When we engage in activities that are essential for survival or that bring us pleasure, such as eating, dopamine is released in certain brain regions, leading to feelings of enjoyment and satisfaction.

This mechanism encourages us to repeat these behaviors.

However, substances of abuse, as well as highly palatable foods high in fat, sugar, or salt, can overstimulate this reward system, causing a release of dopamine that is much higher than usual.

This results in intense feelings of pleasure, and over time, the brain may start to crave these experiences, leading to addiction.

Furthermore, repeated overstimulation of the reward system can lead to changes in the brain that decrease sensitivity to dopamine, causing individuals to consume increasing amounts of the substance or food to achieve the same level of pleasure – a phenomenon known as tolerance.

COMFORT AND EMOTIONAL EATING

Comfort and emotional eating refer to behaviors where food is used as a coping mechanism to manage negative emotions, rather than to satisfy physical hunger.

When faced with stress, sadness, loneliness, or even boredom, individuals may turn to food for immediate relief or distraction.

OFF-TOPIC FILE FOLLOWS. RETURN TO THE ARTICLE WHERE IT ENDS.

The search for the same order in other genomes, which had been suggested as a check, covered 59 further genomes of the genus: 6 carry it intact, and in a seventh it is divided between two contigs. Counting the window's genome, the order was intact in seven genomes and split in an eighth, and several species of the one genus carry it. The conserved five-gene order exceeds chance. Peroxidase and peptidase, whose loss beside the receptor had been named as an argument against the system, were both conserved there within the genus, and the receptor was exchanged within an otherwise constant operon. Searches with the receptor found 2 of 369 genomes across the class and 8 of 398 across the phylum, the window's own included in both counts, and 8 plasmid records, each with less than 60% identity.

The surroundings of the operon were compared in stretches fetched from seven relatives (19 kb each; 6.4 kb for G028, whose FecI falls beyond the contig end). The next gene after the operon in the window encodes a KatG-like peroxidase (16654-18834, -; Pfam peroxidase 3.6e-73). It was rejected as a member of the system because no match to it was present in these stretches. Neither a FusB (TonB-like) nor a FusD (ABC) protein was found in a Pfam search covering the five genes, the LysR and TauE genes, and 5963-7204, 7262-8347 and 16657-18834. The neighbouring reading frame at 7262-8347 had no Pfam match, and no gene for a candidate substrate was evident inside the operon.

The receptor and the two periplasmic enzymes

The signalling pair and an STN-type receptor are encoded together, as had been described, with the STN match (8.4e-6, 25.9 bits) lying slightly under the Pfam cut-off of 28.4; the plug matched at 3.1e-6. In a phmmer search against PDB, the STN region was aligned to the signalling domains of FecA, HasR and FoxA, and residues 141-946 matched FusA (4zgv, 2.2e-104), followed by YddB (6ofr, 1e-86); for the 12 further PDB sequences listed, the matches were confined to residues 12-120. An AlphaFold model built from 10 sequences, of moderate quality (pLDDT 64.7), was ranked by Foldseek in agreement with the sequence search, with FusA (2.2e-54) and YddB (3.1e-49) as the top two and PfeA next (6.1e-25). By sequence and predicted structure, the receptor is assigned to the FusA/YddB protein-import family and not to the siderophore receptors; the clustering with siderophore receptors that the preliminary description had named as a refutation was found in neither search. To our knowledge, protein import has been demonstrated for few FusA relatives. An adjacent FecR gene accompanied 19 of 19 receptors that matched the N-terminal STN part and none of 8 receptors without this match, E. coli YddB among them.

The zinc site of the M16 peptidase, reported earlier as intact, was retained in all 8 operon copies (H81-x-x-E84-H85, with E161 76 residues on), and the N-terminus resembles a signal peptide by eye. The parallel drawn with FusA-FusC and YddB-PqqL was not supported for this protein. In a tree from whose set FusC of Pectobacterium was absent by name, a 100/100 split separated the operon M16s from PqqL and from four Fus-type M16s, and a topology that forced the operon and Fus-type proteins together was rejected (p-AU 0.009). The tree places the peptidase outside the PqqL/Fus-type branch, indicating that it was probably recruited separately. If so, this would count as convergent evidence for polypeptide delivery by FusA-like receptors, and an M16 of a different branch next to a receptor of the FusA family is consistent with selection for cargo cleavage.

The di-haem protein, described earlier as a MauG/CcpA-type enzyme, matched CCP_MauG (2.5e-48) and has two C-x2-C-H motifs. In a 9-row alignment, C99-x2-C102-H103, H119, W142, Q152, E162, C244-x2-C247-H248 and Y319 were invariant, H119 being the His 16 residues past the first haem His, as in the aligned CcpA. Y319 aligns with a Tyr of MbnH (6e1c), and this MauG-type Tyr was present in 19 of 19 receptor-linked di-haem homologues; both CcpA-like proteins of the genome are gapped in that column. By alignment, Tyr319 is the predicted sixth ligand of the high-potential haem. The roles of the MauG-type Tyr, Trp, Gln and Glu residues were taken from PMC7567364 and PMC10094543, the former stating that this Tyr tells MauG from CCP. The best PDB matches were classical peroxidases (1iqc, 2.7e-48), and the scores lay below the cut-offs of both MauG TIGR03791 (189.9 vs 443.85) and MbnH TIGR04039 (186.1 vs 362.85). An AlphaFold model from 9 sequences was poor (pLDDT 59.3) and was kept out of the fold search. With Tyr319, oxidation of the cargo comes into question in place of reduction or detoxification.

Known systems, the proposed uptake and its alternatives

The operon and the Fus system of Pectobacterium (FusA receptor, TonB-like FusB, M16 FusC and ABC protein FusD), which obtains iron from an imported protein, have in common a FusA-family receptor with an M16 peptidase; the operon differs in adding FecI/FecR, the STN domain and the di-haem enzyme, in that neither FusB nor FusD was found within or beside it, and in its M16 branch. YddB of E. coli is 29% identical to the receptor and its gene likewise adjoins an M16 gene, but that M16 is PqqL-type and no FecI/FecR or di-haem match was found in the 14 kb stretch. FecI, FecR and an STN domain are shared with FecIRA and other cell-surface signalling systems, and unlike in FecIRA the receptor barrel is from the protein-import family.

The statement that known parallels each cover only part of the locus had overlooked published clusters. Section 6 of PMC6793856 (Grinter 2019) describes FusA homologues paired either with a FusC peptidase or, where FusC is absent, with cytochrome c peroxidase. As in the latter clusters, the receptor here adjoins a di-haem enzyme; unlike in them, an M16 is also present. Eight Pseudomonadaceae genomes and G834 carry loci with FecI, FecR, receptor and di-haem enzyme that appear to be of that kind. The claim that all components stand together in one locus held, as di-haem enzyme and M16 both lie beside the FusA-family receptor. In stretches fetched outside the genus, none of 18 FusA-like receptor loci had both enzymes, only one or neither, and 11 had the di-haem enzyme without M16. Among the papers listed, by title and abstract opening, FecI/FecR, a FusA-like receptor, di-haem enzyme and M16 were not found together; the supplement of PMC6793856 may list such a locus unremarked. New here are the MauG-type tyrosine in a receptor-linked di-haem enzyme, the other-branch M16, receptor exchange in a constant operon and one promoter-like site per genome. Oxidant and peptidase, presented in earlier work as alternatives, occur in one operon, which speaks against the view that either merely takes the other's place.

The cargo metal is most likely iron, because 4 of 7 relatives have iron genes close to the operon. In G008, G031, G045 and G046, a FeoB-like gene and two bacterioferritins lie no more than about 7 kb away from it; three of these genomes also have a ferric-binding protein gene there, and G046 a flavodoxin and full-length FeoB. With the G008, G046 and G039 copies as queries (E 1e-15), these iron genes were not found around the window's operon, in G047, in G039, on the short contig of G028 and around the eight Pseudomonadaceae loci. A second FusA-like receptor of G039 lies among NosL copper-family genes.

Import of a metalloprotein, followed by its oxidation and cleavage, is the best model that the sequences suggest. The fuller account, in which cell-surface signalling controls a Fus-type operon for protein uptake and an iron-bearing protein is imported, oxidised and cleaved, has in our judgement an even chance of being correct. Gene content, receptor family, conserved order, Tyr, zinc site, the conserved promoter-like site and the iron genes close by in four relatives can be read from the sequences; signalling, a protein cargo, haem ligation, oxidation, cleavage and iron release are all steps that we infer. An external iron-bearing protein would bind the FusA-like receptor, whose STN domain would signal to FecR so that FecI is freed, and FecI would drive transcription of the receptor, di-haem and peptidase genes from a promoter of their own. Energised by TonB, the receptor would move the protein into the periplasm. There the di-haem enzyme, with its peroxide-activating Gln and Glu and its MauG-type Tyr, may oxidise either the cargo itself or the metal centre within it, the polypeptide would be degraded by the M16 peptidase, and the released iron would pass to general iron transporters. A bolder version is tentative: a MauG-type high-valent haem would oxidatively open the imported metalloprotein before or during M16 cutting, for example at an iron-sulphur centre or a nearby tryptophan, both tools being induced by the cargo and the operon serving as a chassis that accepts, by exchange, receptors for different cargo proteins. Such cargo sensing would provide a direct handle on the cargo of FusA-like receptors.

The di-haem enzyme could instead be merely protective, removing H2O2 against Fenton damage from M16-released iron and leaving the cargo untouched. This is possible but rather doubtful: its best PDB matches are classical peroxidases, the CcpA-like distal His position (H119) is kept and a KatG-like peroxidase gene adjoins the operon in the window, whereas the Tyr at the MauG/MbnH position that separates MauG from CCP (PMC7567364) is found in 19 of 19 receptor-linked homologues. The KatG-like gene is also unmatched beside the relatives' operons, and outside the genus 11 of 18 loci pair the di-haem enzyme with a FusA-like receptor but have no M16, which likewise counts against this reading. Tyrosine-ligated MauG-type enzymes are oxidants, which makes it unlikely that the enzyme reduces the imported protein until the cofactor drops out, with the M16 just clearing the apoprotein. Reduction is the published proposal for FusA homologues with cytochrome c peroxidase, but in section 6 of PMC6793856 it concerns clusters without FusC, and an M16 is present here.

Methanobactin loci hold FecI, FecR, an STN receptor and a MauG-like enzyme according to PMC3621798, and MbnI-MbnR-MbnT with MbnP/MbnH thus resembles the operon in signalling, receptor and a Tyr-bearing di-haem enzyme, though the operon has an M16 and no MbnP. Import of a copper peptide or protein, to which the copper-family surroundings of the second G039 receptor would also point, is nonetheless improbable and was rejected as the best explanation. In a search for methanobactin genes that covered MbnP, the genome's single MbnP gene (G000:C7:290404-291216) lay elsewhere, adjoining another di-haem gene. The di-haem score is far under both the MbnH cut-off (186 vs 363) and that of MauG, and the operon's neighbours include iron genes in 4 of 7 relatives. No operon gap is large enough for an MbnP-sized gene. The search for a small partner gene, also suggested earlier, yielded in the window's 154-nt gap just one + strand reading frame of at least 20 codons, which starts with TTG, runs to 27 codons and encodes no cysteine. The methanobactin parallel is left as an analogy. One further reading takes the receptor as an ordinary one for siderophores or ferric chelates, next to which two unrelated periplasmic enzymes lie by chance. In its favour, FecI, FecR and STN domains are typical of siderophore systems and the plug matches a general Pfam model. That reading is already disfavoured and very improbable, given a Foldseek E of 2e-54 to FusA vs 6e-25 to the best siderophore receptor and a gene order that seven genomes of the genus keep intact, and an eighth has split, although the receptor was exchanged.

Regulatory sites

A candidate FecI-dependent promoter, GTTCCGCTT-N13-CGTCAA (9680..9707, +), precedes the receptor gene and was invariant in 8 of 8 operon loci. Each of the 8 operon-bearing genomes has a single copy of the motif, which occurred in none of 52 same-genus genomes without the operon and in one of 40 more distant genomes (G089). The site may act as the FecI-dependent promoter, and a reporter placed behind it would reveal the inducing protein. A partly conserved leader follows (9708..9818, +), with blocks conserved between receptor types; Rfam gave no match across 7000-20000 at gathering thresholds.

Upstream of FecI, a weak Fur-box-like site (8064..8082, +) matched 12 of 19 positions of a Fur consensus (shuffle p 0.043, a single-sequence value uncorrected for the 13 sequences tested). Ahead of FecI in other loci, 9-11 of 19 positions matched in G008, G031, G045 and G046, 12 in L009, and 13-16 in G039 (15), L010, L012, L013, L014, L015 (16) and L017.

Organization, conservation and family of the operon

This is particularly true for foods that are high in sugar, fat, or salt, which can stimulate the brain’s reward system and induce feelings of pleasure and comfort.

However, this relief is often temporary and can lead to a vicious cycle: negative emotions trigger overeating, followed by feelings of guilt and a sense of loss of control, which in turn can lead to more negative emotions.

While comfort and emotional eating are common behaviors, when they become a primary way of dealing with emotions, it can escalate into food addiction, impacting both physical health and emotional well-being.

 

NUTRITIONAL DEFICIENCIES CONTRIBUTING TO CRAVINGS

Nutritional deficiencies can play a substantial role in intensifying cravings and may contribute to food addiction2.

When the body is deficient in certain essential nutrients, it can trigger cravings as a means to correct the imbalance.

For instance, a deficiency in magnesium can lead to cravings for chocolate, while a lack of essential fatty acids can increase the desire for fatty foods.

Iron deficiency might trigger cravings for meat or ice.

Moreover, consuming large amounts of highly processed, high-sugar, and high-fat foods can lead to malnutrition, even in the context of overeating, as these foods often lack the necessary vitamins and minerals our bodies need.

This type of malnutrition can perpetuate a cycle of cravings, overeating, and further nutritional deficiencies.

Therefore, maintaining a balanced diet is crucial in managing cravings and preventing food addiction.

 

Challenges of Food Addiction in Early Recovery

IMPACT OF FOOD ADDICTION ON MENTAL AND PHYSICAL HEALTH

The impact of food addiction on both mental and physical health can be substantial.

Physically, overconsumption of unhealthy foods often leads to obesity, which is associated with a wide range of health complications, including heart disease, diabetes, high blood pressure, and certain types of cancer.